Agonizomai: Heb 13 - 04-06 - Christ - Our Faithful Helper

Wednesday, May 26, 2010

Heb 13 - 04-06 - Christ - Our Faithful Helper

Heb 13 - 04-06 - Christ - Our Faithful Helper

Heb 13:4-6 Let marriage be held in honor among all, and let the marriage bed be undefiled, for God will judge the sexually immoral and adulterous. 5 Keep your life free from love of money, and be content with what you have, for he has said, “I will never leave you nor forsake you.” 6 So we can confidently say, “The Lord is my helper; I will not fear; what can man do to me?”

So then, what if a Christian falls into immorality? It’s no use saying that it could never happen because it plainly does. David remains the perpetual poster-boy for this particular profanation. So, in the context of Christian community the notion of judgement here cannot refer to eternal condemnation. All Christians have been born again and already have eternal life (as opposed to eternal death) and God is not going to condemn in that way one He has already re-created in His Son.

But Christians who sin are certainly not exempt from discipline. God will judge in this way the Christian who dishonours Him and His Son by walking in the old way. Neither are they exempt from a loss of reward. And David’s life after his initial adultery was troubled by the temporal judgements of the loss of his infant son and a lifelong household strife with Absalom, characterized by rebellion and immorality. In that case, what a man sowed he clearly reaped - and this was indeed a temporal judgment of God given to David for discipline and not for punishment in the strictly condemnatory sense.

But the real question can only ultimately be answered by God. A person’s relationship to God will not make them sinless as long as they live upon the earth. There is no Christian perfection in this sense. All Christians sin, and if they deny it then they make God a liar, as well as themselves. But God knows those who are His. They will stumble, and they will sometimes have only the faintest pulse of belief or obedience, but the true sons will always keep coming back. They will despise their sin even while they commit it. There will be no real pleasure in it. We are kept, in the end, not by ourselves, but by the power of God - even if God chooses to do it through the exercise of the obedience of faith. And this is our hope - that our salvation is entirely from Him, and in Him and through Him. This is faith - not that we sin, but that there is forgiveness in Christ when we do.

God will indeed judge the sexually immoral and adulterous. He will judge those who do these things as lost pagans, as professing Christians and as disobedient sons. And every person must examine himself to see if he is truly in the faith, for if he clings to sin - if he steers deliberately close to the line in order to tempt himself - then he may find a death by inches gradually darkens his soul, and what he thought was eternal life will turn out to be, for him, an even greater condemnation than for those who never had light. This is not loss of salvation. It is the demarcation of what true salvation is - what it does - it bears fruit in perseverance. The truly saved never go back because they cannot go back. But we must all sometimes agonize upon these thoughts.

Verse 5 "Keep your life free from love of money" is the mission statement verse for those speaking to American secular philosophy and for its paramour in the professing church - the Word/Faith movement. God does not want us to be rich - he wants us to be content with whatever we have. But won’t this lead to indolence, lack of ambition, lack of invention and vision? My father always thought of Christianity in this way - that it was the means by which the powerful kept the masses happy with their meagre share of the world’s resources. He was a victim of Marxist ideology - or a watered down socialist version of it. And remember that Marxist principles are founded in Christian commands - but they are taken out of context, carnalized and used for worldly ends.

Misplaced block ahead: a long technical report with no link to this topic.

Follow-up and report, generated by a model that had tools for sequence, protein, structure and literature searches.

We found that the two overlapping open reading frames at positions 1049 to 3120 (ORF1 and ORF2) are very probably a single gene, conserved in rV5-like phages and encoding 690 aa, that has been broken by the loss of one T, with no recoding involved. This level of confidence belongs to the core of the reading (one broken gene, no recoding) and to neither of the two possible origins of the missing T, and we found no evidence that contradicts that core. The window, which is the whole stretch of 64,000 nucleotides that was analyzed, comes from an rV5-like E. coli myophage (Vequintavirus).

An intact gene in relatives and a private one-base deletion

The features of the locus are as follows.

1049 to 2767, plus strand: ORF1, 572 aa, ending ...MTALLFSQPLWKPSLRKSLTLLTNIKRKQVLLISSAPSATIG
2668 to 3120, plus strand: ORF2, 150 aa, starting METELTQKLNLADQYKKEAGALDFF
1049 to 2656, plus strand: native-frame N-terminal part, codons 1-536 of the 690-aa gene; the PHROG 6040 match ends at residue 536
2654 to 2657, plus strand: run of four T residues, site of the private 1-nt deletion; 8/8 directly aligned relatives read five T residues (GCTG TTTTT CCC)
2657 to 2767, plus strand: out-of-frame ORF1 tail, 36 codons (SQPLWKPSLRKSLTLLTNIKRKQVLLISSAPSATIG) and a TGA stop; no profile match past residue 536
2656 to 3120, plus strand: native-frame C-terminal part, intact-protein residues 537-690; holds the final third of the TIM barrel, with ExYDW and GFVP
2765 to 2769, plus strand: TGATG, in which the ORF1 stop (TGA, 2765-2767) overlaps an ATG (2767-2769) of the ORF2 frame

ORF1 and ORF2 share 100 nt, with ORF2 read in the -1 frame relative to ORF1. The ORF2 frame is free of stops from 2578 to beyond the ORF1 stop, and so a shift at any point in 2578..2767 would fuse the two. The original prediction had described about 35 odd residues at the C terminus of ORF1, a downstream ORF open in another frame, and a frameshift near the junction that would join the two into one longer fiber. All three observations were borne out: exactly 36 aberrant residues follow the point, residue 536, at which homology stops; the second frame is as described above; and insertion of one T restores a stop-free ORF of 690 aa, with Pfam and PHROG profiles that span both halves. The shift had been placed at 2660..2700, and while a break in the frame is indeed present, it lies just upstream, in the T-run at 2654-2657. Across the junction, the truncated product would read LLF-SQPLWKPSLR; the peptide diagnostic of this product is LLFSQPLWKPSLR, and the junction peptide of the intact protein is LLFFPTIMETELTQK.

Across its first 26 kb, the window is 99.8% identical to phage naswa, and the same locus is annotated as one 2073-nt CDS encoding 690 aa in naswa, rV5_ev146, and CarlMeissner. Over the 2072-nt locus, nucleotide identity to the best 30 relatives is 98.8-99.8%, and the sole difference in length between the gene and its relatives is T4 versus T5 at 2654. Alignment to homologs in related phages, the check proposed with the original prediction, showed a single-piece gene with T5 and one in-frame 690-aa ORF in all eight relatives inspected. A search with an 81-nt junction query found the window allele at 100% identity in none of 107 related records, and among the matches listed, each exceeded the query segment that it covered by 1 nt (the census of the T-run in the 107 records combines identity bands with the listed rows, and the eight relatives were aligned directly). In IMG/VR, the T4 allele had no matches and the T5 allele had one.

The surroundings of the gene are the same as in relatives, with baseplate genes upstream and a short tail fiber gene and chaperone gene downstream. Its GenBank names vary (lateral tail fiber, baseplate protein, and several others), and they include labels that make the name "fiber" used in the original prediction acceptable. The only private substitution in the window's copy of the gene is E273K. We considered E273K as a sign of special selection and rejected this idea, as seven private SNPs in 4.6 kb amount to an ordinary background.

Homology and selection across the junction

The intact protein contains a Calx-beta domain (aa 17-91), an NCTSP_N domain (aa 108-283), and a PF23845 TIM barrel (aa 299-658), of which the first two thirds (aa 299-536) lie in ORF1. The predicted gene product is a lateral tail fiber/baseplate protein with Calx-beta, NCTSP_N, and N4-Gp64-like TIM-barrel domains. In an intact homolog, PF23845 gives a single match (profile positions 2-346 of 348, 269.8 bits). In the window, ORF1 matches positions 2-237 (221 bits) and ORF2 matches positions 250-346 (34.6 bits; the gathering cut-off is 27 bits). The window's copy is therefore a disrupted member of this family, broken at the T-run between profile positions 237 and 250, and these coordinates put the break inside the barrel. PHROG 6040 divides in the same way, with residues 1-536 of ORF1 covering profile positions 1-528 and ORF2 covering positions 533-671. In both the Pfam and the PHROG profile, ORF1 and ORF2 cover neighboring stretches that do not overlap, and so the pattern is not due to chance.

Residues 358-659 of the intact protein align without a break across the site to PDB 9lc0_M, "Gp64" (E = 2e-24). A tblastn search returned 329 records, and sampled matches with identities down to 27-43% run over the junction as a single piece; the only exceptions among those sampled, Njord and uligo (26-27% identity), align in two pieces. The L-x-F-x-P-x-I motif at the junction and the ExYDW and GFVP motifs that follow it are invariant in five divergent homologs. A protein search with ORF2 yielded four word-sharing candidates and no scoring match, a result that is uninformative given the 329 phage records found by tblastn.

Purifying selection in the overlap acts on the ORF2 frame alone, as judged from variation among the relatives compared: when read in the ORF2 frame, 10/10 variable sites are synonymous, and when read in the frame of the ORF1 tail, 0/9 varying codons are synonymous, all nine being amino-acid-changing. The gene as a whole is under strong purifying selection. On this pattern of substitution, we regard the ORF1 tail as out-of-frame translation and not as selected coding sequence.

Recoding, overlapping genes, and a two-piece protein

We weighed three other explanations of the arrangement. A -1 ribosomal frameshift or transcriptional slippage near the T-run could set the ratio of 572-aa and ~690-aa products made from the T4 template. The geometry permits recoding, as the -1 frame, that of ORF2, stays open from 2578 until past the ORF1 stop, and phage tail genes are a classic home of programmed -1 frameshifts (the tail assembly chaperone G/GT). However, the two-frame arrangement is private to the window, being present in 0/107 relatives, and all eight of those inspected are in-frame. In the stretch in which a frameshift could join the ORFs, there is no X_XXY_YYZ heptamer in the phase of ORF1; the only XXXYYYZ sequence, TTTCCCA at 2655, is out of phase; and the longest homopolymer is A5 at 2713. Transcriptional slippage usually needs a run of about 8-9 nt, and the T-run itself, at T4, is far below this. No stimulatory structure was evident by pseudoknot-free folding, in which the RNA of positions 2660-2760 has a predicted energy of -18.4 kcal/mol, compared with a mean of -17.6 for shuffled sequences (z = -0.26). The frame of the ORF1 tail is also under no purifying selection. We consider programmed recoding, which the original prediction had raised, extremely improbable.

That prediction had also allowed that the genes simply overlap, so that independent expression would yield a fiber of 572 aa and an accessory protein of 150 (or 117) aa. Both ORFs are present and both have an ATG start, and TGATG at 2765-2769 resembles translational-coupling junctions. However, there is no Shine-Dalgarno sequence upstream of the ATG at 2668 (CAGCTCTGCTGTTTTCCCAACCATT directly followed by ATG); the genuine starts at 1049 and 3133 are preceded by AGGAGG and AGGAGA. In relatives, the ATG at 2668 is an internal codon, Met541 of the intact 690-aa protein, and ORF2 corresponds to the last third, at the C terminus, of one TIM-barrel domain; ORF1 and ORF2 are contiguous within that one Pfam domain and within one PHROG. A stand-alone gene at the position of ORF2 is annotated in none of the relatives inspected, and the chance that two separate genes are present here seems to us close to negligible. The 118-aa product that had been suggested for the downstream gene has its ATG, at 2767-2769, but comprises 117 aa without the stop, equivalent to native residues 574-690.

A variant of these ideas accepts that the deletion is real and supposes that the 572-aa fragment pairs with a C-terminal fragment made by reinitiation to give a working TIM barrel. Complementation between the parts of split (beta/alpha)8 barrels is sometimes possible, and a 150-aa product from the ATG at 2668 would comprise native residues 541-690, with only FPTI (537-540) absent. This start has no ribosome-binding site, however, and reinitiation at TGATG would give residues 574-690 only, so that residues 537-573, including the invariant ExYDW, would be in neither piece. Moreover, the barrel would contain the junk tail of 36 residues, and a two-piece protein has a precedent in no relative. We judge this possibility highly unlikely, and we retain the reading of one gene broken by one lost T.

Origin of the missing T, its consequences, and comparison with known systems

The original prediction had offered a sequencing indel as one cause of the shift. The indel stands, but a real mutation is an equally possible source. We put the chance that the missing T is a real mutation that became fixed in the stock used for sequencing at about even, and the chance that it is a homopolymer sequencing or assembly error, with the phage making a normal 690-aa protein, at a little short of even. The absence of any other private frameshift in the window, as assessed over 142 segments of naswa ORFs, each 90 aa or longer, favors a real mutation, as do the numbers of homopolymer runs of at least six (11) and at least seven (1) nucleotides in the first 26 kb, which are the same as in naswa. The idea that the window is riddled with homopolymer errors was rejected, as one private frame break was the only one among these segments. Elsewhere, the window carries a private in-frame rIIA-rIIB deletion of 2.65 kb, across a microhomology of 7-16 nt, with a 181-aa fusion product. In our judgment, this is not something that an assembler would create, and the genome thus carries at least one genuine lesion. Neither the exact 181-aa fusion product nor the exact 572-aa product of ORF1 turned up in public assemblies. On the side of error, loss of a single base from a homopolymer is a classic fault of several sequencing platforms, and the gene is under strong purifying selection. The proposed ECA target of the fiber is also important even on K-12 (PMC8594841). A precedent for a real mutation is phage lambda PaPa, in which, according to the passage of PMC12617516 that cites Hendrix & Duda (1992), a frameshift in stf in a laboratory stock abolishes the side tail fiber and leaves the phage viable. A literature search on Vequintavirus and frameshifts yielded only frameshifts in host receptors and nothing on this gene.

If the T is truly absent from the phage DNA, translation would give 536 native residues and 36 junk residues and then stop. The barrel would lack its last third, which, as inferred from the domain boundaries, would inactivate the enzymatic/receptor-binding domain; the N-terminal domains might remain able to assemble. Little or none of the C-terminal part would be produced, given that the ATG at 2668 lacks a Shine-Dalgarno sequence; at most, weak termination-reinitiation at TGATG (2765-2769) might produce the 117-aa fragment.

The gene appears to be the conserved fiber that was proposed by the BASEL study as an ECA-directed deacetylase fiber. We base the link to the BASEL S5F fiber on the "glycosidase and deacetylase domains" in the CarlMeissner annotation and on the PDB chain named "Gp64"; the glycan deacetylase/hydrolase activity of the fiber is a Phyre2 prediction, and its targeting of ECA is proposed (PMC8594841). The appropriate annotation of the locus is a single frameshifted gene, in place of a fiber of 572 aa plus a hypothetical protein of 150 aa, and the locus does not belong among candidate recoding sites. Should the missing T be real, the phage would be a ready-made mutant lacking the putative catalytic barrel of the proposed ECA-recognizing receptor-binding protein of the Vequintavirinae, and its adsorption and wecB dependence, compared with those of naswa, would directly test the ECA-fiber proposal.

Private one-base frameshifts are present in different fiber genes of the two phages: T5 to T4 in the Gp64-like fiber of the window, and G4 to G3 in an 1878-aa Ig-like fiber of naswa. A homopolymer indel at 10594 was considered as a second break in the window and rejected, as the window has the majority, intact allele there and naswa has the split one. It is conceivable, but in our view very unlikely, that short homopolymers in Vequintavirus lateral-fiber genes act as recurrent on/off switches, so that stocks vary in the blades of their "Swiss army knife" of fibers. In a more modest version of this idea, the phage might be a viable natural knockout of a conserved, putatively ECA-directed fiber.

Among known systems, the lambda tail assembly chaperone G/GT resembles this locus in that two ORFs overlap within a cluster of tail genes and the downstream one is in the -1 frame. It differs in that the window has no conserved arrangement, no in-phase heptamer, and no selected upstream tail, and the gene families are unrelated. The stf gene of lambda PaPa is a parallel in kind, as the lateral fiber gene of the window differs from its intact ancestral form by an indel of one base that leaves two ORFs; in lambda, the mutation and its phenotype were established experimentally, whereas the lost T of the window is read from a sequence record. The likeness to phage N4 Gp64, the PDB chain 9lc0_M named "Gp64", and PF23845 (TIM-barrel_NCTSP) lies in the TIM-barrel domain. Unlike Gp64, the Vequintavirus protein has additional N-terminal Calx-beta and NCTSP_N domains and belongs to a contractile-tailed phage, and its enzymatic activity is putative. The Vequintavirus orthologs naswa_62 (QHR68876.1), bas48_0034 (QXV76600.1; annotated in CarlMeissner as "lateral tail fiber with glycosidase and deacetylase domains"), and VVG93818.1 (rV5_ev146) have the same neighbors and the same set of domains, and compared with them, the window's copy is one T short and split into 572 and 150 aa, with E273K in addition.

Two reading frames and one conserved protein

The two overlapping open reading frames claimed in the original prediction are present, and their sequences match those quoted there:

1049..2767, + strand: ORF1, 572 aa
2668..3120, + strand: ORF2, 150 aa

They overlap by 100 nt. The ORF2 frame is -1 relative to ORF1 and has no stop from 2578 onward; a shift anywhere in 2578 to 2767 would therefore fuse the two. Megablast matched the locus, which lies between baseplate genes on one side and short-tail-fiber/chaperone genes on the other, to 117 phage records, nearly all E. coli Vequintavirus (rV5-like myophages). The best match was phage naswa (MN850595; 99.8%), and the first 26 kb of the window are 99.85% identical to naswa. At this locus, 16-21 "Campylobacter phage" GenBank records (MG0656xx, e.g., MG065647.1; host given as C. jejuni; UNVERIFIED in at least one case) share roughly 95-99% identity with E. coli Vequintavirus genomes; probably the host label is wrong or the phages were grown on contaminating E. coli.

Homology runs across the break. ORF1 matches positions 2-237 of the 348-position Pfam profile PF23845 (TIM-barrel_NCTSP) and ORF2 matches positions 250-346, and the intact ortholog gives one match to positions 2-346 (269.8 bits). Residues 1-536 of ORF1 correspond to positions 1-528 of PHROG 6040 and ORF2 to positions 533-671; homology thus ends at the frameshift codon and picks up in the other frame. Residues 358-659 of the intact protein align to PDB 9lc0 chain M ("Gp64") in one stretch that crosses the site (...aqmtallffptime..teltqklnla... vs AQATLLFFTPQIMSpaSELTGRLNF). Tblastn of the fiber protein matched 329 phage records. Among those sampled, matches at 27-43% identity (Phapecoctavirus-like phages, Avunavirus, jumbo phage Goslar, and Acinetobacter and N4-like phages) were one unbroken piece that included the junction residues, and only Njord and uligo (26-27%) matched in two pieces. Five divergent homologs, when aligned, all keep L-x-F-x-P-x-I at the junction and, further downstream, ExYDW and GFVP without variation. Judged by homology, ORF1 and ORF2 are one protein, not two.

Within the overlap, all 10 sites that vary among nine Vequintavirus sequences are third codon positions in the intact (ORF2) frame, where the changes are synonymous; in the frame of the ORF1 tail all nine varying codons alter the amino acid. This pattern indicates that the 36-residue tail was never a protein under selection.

But Christian contentment is far more than indolence or a lack of motivation or creativity. Christian contentment arises from a whole life submitted to the will of God in which diligence, responsibility and hard work are performed as unto the God of the universe. Far from being lazy and second-rate passivists, they are all the more fervent due to the underlying motivation - the service of God. But being content also takes into account the overarching providence of God. Opportunity, ability, circumstance - all these things are factors controlled - even ordained - by God as the means in our lives by which God produces the fruit of His Son in His people. So there will be disappointment, failure and want right alongside achievement, apportioned to each as God has seen fit. Our duty is to strive for His sake, and God’s promise is to fit us for heaven.

For us, this life always looks beyond the immediate towards the true end, through the eyes of faith in the God of our redemption and sanctification. As such, our focus is not to end up in a love for the things of the world, such as money, even though we must strive to make money in order that we may live. Whether we make more or less is irrelevant to the end, which God knows. Our part is to do all as unto Him. Then poverty will not make us resentful and success will not make us unwatchful and proud.

Neither Karl Marx, nor any other pagan could understand this. The focus of worldlings is upon worldly things. It is about keeping score down here because this is all there is. "He who dies with the most toys wins." "Eat, drink, for tomorrow we die." "You’re a long time dead." But the Christian lives in eternity even in the present world, and his life and values and aims are focused there.


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